Under Florida law, a plaintiff who sues to recover for negligence in the construction of property can receive additional damages, including attorneys’ fees and treble damages, when the person who constructs the home is unlicensed. § 768.0425(2) Florida Statutes. Given that the scope of recovery is greater, arguments concerning what entities qualify as licensed contractors are quite common. Indeed, in a recent decision, Taylor Morrison Services, Inc. v. Ecos, Florida’s First District Court of Appeal examined the scope of what qualifies as an unlicensed contractor for purposes of treble damages and attorneys’ fees under § 768.0425(2).
At issue in Ecos was a 2004 contract for the construction and purchase of a home into which the plaintiffs in this case entered with Taylor Morrison Services, Inc. Following construction of the home, the plaintiffs noticed defects and brought suit against Taylor. Prior to a bench trial, the parties stipulated to there being defects amounting to compensatory damages of $200,000. At the bench trial, the determination was thus limited to whether Taylor was an unlicensed contractor, and, accordingly, whether the plaintiff was entitled to treble damages and attorneys’ fees. Following the bench trial, the trial court held that Taylor was unlicensed, and thus the plaintiff was entitled to treble damages and attorneys’ fees. Taylor then brought the current appeal.
An unlicensed contractor is defined in Florida Statutes § 489.128(1)(a), which provides, “[a] business organization is unlicensed if the business organization does not have a primary or secondary qualifying agent in accordance with this part concerning the scope of the work to be performed under the contract.” However, “a contractor shall be considered unlicensed only if the contractor was unlicensed on the effective date of the original contract or the work.” Id. at § 489.128(1)(c). On the effective date of the contract at issue, pertinent licensing records showed that Taylor had four qualifying agents on record. One had recently left her position with Taylor, but another remained employed with the company. The record showed that, about two and a half months following the execution of the contract, a building application for a building permit showed the signature of the qualifying agent who had left employment with Taylor. Indeed, the agent testified that she had no involvement with the project and that, although she had signed blank building permits while employed with Taylor, she did not authorize pulling a permit for this project or supervise the project. The trial court focused on the evidence of the agent’s lack of authorization or supervision on the project in concluding that Taylor was unlicensed under § 489.128(1).
However, the First District disagreed with the trial court’s determination and reversed the ruling. The First District found the trial court’s ruling to be inconsistent with the statutory language of § 489.128(1). The First District noted that at the effective date of a contract, a qualifying agent was employed with Taylor. The First District determined that the trial court erred in considering evidence regarding possible fraud, including whether a particular agent whose name was associated with the project had, in fact, supervised or monitored the construction. Instead, the First District read the statute to limit the inquiry to whether a qualifying agent was employed with the business at the time of contracting, not considering circumstances that arose afterward. If such a qualifying agent was at the business’ disposal at the time of contracting, the business was licensed for purposes of § 489.128(1). Accordingly, the Court reversed the trial court’s ruling.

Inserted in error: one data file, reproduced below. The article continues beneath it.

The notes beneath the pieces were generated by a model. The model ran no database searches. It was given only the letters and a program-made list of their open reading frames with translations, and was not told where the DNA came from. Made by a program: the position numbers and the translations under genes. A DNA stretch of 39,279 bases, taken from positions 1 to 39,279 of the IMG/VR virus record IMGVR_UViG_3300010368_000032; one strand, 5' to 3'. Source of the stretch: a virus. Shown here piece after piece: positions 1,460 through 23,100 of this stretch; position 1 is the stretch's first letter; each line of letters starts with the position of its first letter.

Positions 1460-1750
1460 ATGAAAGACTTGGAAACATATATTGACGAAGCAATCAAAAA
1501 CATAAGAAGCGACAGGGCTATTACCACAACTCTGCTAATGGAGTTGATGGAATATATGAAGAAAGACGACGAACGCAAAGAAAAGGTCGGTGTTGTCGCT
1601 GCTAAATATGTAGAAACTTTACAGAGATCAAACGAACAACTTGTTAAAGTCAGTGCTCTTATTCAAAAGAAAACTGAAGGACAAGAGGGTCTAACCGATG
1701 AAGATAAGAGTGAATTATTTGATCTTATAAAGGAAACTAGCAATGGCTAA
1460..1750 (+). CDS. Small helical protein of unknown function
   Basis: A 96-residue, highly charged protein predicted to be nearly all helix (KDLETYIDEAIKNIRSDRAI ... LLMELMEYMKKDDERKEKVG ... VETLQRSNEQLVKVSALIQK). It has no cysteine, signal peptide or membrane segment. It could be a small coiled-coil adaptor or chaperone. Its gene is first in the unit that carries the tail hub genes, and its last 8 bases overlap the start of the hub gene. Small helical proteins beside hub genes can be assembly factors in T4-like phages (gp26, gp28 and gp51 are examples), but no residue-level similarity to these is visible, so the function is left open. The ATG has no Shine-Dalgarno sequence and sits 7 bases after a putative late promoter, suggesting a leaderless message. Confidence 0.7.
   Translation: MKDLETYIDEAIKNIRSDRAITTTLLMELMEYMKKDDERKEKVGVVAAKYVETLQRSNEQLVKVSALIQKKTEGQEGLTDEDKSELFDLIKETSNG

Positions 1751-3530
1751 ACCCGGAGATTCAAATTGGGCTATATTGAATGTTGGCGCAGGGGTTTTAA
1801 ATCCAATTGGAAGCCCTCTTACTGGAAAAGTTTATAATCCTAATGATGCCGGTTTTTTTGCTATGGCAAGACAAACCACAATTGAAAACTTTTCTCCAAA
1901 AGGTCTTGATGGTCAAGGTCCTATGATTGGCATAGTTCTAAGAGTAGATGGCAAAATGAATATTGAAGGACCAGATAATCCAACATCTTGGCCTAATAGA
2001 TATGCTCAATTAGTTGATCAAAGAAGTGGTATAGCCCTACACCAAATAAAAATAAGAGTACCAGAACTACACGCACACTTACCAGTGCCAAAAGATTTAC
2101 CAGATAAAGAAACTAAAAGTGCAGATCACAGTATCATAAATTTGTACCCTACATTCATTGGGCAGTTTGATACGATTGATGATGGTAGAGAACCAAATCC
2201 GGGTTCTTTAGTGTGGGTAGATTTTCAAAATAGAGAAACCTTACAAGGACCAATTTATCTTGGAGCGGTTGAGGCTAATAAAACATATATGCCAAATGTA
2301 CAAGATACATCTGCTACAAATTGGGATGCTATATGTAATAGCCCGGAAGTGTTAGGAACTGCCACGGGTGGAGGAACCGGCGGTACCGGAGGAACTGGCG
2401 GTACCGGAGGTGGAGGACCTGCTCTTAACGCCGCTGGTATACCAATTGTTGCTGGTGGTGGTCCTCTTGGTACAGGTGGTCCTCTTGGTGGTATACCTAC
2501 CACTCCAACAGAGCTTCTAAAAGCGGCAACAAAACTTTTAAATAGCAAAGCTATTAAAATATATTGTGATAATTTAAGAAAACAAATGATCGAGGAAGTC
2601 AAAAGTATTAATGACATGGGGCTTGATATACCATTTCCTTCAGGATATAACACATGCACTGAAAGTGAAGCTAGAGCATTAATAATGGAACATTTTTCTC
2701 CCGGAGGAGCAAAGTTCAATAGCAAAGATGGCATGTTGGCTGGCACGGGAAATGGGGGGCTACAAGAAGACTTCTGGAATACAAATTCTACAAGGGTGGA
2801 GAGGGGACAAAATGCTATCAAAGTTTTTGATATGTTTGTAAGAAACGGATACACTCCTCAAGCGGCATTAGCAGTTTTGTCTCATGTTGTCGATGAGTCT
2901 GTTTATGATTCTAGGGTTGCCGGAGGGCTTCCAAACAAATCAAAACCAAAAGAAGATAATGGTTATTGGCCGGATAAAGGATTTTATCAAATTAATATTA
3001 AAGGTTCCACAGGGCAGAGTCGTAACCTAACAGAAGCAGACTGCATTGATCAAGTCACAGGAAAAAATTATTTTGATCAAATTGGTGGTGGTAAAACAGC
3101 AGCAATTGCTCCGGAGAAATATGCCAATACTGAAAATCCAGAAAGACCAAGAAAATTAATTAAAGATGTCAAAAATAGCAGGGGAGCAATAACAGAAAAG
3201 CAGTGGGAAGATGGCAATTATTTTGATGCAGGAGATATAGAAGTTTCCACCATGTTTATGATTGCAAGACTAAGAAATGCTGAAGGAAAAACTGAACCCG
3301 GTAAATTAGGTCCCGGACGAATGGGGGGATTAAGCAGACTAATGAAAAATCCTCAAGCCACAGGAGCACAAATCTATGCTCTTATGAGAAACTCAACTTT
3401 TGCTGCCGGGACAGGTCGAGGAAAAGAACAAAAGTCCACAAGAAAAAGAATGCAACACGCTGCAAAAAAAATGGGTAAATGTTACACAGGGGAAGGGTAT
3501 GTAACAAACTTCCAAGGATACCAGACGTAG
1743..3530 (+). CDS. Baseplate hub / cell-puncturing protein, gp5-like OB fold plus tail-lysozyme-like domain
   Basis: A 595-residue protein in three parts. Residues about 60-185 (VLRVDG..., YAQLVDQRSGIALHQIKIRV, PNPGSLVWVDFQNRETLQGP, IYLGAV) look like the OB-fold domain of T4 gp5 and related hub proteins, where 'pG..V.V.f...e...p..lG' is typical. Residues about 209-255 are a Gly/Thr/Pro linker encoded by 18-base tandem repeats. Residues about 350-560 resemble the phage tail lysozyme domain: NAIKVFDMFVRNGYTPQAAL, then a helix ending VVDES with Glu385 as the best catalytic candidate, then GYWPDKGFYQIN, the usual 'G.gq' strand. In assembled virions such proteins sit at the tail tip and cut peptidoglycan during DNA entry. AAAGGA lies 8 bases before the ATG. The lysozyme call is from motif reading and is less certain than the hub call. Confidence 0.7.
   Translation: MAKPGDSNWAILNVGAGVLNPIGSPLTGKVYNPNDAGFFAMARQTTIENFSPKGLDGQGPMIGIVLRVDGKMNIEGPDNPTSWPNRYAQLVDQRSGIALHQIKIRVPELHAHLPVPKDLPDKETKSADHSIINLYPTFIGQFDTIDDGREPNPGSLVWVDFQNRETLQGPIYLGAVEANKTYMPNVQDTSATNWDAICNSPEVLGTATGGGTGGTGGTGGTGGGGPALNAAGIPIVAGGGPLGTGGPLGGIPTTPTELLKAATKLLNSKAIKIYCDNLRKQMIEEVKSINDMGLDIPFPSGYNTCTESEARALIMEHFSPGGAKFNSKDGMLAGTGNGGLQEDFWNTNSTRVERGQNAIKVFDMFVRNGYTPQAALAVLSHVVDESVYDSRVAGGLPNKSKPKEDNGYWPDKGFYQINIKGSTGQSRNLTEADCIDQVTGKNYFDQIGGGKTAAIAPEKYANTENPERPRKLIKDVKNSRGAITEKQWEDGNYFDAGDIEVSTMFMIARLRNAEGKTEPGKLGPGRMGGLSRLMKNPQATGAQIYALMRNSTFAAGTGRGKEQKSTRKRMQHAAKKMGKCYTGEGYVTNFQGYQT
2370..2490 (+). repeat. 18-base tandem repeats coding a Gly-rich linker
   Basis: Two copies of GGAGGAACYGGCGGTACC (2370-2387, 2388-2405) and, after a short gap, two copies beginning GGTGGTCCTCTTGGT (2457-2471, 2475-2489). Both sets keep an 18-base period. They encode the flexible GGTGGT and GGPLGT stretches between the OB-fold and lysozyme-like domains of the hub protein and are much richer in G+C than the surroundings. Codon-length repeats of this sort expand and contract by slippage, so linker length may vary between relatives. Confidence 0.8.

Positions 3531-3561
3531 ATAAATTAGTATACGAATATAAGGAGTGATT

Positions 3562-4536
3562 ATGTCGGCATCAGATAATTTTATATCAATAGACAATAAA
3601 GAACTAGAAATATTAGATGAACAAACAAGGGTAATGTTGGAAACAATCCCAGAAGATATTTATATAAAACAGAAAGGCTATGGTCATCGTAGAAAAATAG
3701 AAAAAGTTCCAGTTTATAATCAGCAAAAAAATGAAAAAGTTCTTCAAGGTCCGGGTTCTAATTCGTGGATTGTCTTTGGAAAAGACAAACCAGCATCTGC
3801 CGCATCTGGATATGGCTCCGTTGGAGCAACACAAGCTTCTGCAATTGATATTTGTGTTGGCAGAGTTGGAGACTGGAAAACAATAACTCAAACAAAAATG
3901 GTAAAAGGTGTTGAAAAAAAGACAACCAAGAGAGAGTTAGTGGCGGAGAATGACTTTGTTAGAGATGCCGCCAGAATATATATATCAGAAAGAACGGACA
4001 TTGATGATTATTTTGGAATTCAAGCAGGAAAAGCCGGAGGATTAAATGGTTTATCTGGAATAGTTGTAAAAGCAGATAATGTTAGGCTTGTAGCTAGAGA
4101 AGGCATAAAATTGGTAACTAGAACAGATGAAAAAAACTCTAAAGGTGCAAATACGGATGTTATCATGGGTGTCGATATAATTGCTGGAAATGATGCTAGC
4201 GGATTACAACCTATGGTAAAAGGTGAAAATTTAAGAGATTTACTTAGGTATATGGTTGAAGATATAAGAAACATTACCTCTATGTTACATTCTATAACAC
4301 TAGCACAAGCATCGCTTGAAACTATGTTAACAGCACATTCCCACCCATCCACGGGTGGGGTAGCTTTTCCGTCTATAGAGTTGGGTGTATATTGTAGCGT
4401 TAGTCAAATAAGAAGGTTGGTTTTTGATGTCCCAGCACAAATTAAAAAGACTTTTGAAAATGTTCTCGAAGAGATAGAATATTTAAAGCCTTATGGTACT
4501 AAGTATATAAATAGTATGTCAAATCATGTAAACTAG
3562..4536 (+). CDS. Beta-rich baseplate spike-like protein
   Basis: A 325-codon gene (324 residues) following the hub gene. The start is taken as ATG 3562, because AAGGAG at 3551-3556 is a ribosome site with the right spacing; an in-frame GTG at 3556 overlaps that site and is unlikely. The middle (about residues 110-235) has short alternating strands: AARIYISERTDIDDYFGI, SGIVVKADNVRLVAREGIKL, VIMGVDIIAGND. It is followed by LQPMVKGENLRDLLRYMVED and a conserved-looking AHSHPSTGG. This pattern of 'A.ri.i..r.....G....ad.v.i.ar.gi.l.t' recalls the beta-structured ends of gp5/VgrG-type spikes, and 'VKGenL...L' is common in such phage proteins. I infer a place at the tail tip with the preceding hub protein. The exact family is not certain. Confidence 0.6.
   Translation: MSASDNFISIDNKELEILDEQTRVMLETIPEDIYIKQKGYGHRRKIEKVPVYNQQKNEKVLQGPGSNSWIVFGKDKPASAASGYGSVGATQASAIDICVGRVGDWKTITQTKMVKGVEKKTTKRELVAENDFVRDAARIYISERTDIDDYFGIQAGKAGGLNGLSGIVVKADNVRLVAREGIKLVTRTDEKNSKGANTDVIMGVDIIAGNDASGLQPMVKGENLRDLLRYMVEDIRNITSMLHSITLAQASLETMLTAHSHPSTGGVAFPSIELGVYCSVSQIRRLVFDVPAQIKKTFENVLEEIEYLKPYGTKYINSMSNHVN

Although this reading of § 489.128(1) may comport with the text, it should be noted that this reading would allow a contractor to be considered licensed even if there were no qualifying agent employed with the business during the time the home is actually constructed and even if none supervised the actual construction. Limiting the inquiry to a particular time may allow for more consistent and easily ascertainable results, but a licensure provision would seem to lose some of its purpose if a business could, in theory, not actually have the professional resources contemplated.
Although the plaintiffs in Ecos will still get recovery for the negligent construction of the home, the recovery of attorneys’ fees and treble damages is still a loss. Indeed, provisions for treble damages and attorneys’ fees are not uncommon, and someone who has been injured should always know if his or her possible claim provides for recovery of these additional damages. The assistance of experienced counsel can go a long way in assuring that one knows the true value of a claim, and the Florida construction litigation attorneys at Stok Folk + Kon are attentive to maximizing their clients’ recoveries. If you’ve recently been injured in a possible case of negligence and have questions regarding your possible claim, feel free to contact us for a case evaluation.
More blog posts:
Seller Allowed to Keep Buyer’s Deposit For Failing to Close on Time, Florida Business Lawyers Blog, March 11, 2015
Commercial Property Broker Entitled to Enforce Lien to Collect Commission on Sale, Florida Business Lawyers Blog, Feb. 3, 2015